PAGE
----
Urine usually is used for the diagnosis of chronic degenerative disease that is caused by some trace elements. Therefore, urine analysis can provide important information to a clinician that may not be readily available with blood analysis. The levels of trace elements in the blood and urine are tightly controlled via metabolic, reabsorptive and excretory mechanisms. [15],[16],[17]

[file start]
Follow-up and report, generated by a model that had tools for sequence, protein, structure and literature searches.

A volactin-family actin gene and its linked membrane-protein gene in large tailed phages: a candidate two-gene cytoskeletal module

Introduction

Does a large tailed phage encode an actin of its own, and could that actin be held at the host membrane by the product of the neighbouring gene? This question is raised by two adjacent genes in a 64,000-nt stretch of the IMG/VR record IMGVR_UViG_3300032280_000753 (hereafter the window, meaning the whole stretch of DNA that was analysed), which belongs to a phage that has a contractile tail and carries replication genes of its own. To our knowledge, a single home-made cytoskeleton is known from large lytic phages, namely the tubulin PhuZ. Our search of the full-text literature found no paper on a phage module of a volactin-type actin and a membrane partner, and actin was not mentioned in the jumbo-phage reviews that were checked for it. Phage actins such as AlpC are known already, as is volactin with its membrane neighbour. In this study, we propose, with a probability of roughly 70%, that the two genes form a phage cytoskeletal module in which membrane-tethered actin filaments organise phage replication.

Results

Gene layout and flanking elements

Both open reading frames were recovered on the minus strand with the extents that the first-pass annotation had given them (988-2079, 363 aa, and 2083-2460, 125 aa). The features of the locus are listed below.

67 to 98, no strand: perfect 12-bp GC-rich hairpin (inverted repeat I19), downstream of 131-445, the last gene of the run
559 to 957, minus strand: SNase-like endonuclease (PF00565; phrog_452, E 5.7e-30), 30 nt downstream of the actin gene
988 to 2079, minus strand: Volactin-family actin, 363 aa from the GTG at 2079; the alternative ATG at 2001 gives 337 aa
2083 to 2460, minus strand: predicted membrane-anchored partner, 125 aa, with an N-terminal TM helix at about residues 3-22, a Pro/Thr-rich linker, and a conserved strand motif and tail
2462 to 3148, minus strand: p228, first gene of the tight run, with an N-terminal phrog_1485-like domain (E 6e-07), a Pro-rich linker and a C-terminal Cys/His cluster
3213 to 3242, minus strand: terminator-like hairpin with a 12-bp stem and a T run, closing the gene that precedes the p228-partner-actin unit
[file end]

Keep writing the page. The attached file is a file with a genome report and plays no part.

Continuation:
Bone and teeth, hair and nails, organs and blood and its components (urine, cerebrospinal, amniotic, synovial fluids and tears, saliva, perspiration, bile, milk) are good indices of exposure to elements and can easily be assessed thus making them suitable to be used as bioindicators for these purposes. [18] According to the above facts, it is important to determine the trace element concentrations in human urine having physiological disorders, like HTN and DM. Therefore, human urine was chosen for this study as probability (representative) sampling. Sample collections consisted of a number of healthy (control group) and HTN and DM individuals (study groups A and B) of different ages (30 - 75 yrs), which were selected from occupants of urban populations from Taif, Saudi Arabia on personal request. A questionnaire was employed to collect details concerning physical data, ethnic origin, health, dietary habits and consent of donor. Some factors affecting analytical and biological variability of the concentrations to be determined, such as the route of absorption, the presence of sources of environmental pollution in certain areas of residence, physiological variables and lifestyles, were also discussed.